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Posts Tagged ‘Laura Lafata’

(part 1 of 2 parts)

GrowFest! was the place to be for plant lovers last weekend! Over 850 adults, plus lots of kids, came to the first-ever event held at the Fruit and Spice Park in Redland. Festival organizer Margie Pikarsky of Bee Heaven Farm was thrilled with the turnout. “It was an unqualified success!” she exclaimed. Over 500 visited just on Saturday alone, exceeding her expectations. She promised that GrowFest will be an annual event at the Park.

(L to R): Margie Pikarsky, Nick Pikarsky and Louise King of the Tropical Fruit Growers Association

GrowFest! was a grassroots fundraiser for Florida Organic Growers (FOG), which received money from the gate, as well as proceeds from sales of juice and water at their tent. “We raised over $900 for FOG from ticket and raffle sales,” Margie told me. Executive director Marty Mesh was at the event, manning their tent, and answering questions at the screening of their documentary “What’s Organic About Organic” on both days. If you missed your chance see the movie or buy a copy of the DVD, you can order it from the filmmmaker’s web site. “FOG is the non-profit that certifies organic growers in Florida, and also provides education and outreach to growers, consumers, and policy makers,” Marty explained.

Marty Mesh poured local Lakewood Organics juices at the FOG tent.

The heart of GrowFest! was all about plants. And there were all kinds to choose from — vegetable seedlings, potted herbs, banana plants and avocado trees, and more. On Saturday morning, I volunteered at the Bee Heaven Farm/Redland Organics tent, and found myself surrounded by baby plants. Long tables were loaded with over 80 varieties of organic heirloom tomato seedlings, several varieties of eggplant, hot peppers, arugula, nasturtiums, Asian greens and perennial herbs like garlic chives, curryleaf, aloe and lemongrass. Farm helper Victor and his wife Ish, and volunteers Nicole and Holly were also there to assist.

Volunteers at the Bee Heaven Farm tent (L to R): Holly Victor, Ish and Nicole.

Lots of people came to buy seedlings, and it was fun talking to them about their gardens. Most were regulars from past seasons who knew exactly what they wanted. The very first shopper was a tall man with a cart who loaded up with over two dozen plants. He said he saved seeds from his tomatoes from the year before, and was back this year to try new varieties. Soon after, Melodee Rodriguez, a dedicated mom who is in charge of the edible garden at Coconut Grove Elementary School, came with a checklist of vegetables and herbs for her school’s garden, which had been put in by Slow Food Miami three years before.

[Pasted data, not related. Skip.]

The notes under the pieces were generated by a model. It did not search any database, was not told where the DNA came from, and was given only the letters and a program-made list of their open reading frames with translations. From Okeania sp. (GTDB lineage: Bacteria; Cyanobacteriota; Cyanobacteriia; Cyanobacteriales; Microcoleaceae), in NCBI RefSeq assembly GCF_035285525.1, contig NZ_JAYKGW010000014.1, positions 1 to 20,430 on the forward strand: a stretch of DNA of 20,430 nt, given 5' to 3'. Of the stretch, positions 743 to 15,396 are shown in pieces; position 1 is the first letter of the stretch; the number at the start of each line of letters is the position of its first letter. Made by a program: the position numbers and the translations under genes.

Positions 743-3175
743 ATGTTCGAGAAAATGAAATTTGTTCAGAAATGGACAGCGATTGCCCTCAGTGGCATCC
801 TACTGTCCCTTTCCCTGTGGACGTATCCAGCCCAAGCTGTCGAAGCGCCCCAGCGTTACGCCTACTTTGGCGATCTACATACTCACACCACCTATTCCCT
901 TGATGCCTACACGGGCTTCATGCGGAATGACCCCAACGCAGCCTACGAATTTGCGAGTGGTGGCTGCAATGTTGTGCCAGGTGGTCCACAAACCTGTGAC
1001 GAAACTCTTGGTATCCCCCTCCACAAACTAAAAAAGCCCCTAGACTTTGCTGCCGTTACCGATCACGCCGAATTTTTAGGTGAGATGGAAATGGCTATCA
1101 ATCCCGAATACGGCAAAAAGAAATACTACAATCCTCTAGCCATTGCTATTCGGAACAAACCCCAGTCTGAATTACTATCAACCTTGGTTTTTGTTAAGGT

La Diva herself, Laura Lafata, with heirloom tomato seedlings.

Two other growers also had their plants for sale at the Bee Heaven area. Arturo Gonzalez of Sunshine Organic Farms was selling three varieties of avocado trees — Donnie, Simmonds and Catalina. (His farm provided grape tomatoes and a variety of vegetables for the Bee Heaven Farm CSA last season.) Organic growers Bill and Thi Squire provided lots of napa cabbage and two kinds of bok choy seedlings.

The event’s poster child Beth Dunlop came to pick out several kinds of black tomatoes.

In a big blue tent by the front of the park, Master Gardeners from Miami-Dade Extension were on hand to answer gardeners’ questions about plant problems. Other staffers gave a demo on how to use rain barrels, and the 4-H Kids Zone was set up where kids could play and learn about plants. The Dade County Farm Bureau tent did fun things with kids, based on Ag in the Classroom materials.

Kids hanging out at the Farm Bureau tent.

The villain of the event was the exotic and invasive Giant African Land Snail (GALS). The ravenous creatures are a serious threat because they’ll eat almost any kind of plant, and even gnaw on the stucco on your house. Several people from the state Division of Plant Industry were on hand with empty shells to examine (no live snails!), and had lots of information about the imported pest. A fully grown snail shell was quite pretty, smooth and shiny with brown and white stripes, and was almost the length of my hand. Don’t think of touching live GALS without gloves on because they can carry meningitis and a parasite called rat lungworm. If you see a GALS in your yard, call 888-397-1517 to report it. Over 78,000 GALS have been caught just in the past year.

DPI Ag Tech Omar Garcia holds up the shell of a fully grown Giant African Land Snail. Be on the lookout!

Ann Schmidt (left), the hardest-working volunteer of them all, at the front gate.

 

Mike Moskos (left) volunteering at the entrance table.

Fruit and Spice Park manager Chris Rollins (center) answered visitors’ questions about tropical fruits.